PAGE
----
I sit here 9 months into a disability. I never thought it would be this long. I miss you. I miss me. I miss the person I used to be. Lately, as I slowly creep towards the light at the end of the tunnel, I am trying very hard to get her back out….because I know she is still here.

I have sacrificed a lot to this condition. My pain is invisible, not believed or understood. Those who surround me don’t necessarily see what going to a movie costs me. They don’t see me counting the minutes, waiting for it to stop. They don’t understand the deep sadness I experience because I can’t go to social events. They don’t comprehend the shame I feel for being weak, for being less. That I stopped reaching out, because I am afraid of getting my heart-broken again. Yet, underneath all of this….I am still the same person I was before the Pain. I am still valuable and vibrant. I am worthy of kindness. I am worthy of friendship.

I may not always be fun to be around and I may make you fearful. Please also understand that I don’t expect you to cater to or exclusively for me. I just want you to remember – I am still here. BUT WHERE ARE YOU?

I am not completely defined by pain. It is part of me; it may create an atmosphere that limits me and makes it more challenging than other friendships. But, all I want is a friend. Not a carer, a friend: someone to laugh with, share secrets, watch a movie, gossip and just be. It isn’t much to ask for.

I know your life is different. You have a job. You have children, a husband. You have parties to go to, people to dine with and people to talk to. You have a full and busy life.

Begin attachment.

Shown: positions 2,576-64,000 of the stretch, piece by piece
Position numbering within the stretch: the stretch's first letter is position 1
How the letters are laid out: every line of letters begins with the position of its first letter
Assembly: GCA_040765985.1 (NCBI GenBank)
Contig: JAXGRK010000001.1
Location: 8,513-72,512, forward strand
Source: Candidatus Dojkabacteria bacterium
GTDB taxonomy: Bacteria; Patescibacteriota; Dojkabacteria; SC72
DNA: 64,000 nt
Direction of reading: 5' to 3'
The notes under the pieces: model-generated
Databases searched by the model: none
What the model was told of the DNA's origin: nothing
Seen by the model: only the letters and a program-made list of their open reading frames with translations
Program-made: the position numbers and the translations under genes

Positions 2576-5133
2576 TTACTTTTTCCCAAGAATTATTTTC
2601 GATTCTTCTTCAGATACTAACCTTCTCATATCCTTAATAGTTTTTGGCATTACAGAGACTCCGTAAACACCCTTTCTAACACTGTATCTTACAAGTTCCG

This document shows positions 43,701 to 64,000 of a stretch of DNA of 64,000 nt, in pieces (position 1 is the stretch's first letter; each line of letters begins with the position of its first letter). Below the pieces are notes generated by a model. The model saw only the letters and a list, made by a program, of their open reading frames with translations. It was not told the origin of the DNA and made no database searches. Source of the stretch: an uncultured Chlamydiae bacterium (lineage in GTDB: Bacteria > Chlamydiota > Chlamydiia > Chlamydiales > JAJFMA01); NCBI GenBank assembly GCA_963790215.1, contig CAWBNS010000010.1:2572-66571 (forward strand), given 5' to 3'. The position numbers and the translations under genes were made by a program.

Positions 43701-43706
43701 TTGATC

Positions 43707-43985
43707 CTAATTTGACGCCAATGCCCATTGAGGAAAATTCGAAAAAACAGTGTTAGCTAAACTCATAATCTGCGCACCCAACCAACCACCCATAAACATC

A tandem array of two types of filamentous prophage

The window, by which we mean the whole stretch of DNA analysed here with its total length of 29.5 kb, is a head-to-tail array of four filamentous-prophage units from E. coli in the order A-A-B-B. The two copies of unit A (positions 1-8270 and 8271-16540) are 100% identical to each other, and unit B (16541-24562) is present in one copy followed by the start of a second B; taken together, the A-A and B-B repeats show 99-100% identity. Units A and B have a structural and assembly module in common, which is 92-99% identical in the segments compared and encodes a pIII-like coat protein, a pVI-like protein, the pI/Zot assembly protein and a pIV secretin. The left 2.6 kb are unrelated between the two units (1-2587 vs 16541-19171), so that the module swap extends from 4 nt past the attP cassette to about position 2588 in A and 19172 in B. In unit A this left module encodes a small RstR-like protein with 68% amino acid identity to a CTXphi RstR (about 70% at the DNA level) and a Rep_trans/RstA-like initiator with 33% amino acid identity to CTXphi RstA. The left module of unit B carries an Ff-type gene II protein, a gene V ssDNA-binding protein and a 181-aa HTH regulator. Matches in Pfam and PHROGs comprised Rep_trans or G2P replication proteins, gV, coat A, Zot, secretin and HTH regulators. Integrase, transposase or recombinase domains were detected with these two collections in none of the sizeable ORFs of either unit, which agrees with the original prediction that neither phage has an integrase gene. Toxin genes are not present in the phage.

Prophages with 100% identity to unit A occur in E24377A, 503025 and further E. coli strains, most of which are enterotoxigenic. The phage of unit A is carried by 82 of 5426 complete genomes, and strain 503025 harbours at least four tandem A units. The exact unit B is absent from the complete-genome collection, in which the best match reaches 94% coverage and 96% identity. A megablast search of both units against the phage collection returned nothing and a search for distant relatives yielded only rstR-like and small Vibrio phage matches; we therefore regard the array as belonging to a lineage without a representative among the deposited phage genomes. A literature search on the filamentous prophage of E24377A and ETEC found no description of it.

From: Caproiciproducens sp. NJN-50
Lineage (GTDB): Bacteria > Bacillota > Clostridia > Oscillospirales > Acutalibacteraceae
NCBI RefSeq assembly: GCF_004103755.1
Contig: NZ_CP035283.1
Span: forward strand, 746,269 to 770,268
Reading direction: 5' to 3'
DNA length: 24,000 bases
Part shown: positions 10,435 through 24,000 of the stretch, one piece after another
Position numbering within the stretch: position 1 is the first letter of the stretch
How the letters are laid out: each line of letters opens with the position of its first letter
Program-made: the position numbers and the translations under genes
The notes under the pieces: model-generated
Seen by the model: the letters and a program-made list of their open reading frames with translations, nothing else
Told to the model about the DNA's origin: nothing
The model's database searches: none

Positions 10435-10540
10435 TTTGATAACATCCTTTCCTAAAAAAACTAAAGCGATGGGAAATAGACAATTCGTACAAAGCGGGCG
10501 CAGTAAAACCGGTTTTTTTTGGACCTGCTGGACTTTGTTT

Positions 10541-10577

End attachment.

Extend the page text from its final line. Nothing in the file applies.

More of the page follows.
I can’t go to restaurants, bars, clubs, museums or anywhere I would have to sit, stand or wait for any length of time. Although money is an issue, it is not the only one.  I don’t want pity. I don’t want to be ashamed. I don’t want to hold you back. I don’t want people to see me looking/feeling like this. At the same time, that doesn’t mean I want to be alone. I am still here. BUT WHERE ARE YOU?

I don’t really know what has happened. I am not sure where you have gone…but I do know…I am still here.

I guess I don’t understand what happened to me. The pain was and is sometimes consuming… eats into my body. My days have been filled with just existing, to get through it the best I can. This means I can’t do all the things that maybe you need me to do. Maybe, you just became bored with me…pain is boring. I can understand that.

After a while, I know I stopped trying. Selfish? Immature? Ridiculous? Maybe…..most probably. But I thought of you as my family. I have already lost a lot of me to this…my heart really couldn’t take anymore loss. So, I stopped trying…that would be my fault.

I also couldn’t understand why phone calls stopped being returned. Every invitation was avoided, cancelled or just not responded to at all. When did this happen? When was there no time for our friendship?

There are some friends you don’t think you’ll ever lose. Maybe you misplace them for a short while. Every relationship has dips and arcs. Some of the friends I have lost do not surprise me.  I just didn’t think I would lose you. It makes me sad. Because I am still here and I know you are still there, too.